Since 2016, the District of Columbia has spent more than $40 million to settle police misconduct lawsuits, according to the records released by the Office of Attorney General . The records did not include several other settlements for lawsuits which, the police department told the council, cost taxpayers $805,000.
About $33 million detailed in the records from the attorney General’s office covered six claims of wrongful conviction and death, while $2.8 million was to settle the last of several lawsuits over botched arrests during 2002 protests in Pershing Park. The remaining $5 million was to resolve at least 65 other suits — alleging false arrest, excessive force, negligence and violations of constitutional rights — with amounts that often ranged from $25,000 to $200,000.
“Behind these dollars are real people who live here or visited here,” Allen said, adding that the collective tab is costly. “What more could we be doing with tax dollars to end violence and fund victim services?”
Dustin Sternbeck, a police spokesman, said in a statement that officers in the past five years have responded to more than 3 million calls and made nearly 150,000 arrests. He said it would be “misleading and disingenuous to suggest any broad conclusions can be drawn from approximately 70 lawsuits that were settled by the city during a similar time frame where no fault was admitted.” (Police Chief Peter Newsham declined to speak on the record for this article.)(Washington Post, 25 Dec 2020)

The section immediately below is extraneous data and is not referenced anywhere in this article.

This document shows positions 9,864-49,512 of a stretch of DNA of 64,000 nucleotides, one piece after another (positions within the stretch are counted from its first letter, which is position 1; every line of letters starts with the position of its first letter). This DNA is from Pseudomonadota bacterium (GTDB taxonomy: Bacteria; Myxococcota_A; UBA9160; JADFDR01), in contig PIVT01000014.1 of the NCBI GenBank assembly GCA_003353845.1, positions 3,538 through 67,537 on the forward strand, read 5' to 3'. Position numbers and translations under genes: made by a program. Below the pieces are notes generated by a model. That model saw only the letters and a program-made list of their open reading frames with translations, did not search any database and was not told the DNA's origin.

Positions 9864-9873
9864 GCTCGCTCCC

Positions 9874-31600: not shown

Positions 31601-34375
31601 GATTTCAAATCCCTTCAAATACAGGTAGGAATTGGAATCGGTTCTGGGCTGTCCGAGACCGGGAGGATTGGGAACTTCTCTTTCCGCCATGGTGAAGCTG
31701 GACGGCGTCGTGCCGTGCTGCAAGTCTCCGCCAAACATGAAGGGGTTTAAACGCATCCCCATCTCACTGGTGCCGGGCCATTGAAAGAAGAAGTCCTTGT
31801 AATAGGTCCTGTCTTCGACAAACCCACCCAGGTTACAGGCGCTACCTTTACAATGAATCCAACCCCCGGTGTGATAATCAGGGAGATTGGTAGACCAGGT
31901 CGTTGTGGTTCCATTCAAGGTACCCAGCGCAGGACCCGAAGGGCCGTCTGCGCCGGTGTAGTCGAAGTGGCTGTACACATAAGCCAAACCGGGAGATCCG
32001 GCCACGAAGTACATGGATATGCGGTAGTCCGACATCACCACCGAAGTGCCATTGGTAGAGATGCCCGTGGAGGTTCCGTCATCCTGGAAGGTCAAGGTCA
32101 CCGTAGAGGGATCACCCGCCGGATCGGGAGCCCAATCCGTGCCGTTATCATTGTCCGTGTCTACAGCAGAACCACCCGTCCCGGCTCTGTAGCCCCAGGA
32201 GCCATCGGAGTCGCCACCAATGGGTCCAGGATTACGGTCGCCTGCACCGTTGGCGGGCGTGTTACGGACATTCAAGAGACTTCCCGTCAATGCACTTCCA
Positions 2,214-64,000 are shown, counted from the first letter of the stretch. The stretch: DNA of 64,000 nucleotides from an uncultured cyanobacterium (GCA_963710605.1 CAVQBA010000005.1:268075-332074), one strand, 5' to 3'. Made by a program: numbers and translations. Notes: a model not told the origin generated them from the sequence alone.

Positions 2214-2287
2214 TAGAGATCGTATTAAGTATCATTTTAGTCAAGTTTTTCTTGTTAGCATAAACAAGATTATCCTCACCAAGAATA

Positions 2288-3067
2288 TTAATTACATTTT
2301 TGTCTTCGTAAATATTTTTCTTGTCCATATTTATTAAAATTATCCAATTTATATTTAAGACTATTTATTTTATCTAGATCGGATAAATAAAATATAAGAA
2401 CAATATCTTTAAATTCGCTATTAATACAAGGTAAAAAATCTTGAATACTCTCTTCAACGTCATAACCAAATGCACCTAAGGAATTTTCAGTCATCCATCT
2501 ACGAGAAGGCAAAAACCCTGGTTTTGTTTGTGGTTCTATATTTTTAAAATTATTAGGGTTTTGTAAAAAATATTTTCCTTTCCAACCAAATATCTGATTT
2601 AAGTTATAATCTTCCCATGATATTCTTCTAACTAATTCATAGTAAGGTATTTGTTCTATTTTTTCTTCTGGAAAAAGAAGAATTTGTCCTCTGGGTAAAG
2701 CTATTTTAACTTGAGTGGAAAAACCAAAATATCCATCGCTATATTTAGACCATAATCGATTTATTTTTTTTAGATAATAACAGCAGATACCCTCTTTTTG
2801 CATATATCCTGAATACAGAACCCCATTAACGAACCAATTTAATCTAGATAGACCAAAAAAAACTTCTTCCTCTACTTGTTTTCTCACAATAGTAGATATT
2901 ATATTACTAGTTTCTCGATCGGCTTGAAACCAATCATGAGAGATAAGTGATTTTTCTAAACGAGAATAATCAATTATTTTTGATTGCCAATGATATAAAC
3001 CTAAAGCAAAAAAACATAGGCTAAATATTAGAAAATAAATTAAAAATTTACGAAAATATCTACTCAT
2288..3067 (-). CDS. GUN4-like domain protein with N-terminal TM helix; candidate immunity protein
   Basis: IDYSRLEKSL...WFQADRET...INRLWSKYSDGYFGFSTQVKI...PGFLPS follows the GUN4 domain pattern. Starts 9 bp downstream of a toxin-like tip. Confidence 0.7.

My reaction: At frequent intervals we get phone calls from the police raising money for the current police force or retired officers. I used to give money, but in view of the cost of police misconduct, a cost that comes out of the pockets of taxpayers, I now have a response to callers, the gist of which is this: “Policemen are public servants, represented by a union. If you are not happy with the money paid you, complain to the union, which will advocate. for you with the Council. We pay our taxes which cover your salaries. I understand that the legal cases form a small part of the cost of policing, but we should not be asked to pay more for the mishandling of cases by police officers, sometimes resulting in deaths.”.
The troubling thing is: are we a marked couple? Were a criminal to assault us or burgle our house will we get full-hearted protection? It is not, I’m sure, intentional but I feel an element of blackmail in these police phone calls. I want peace of mind.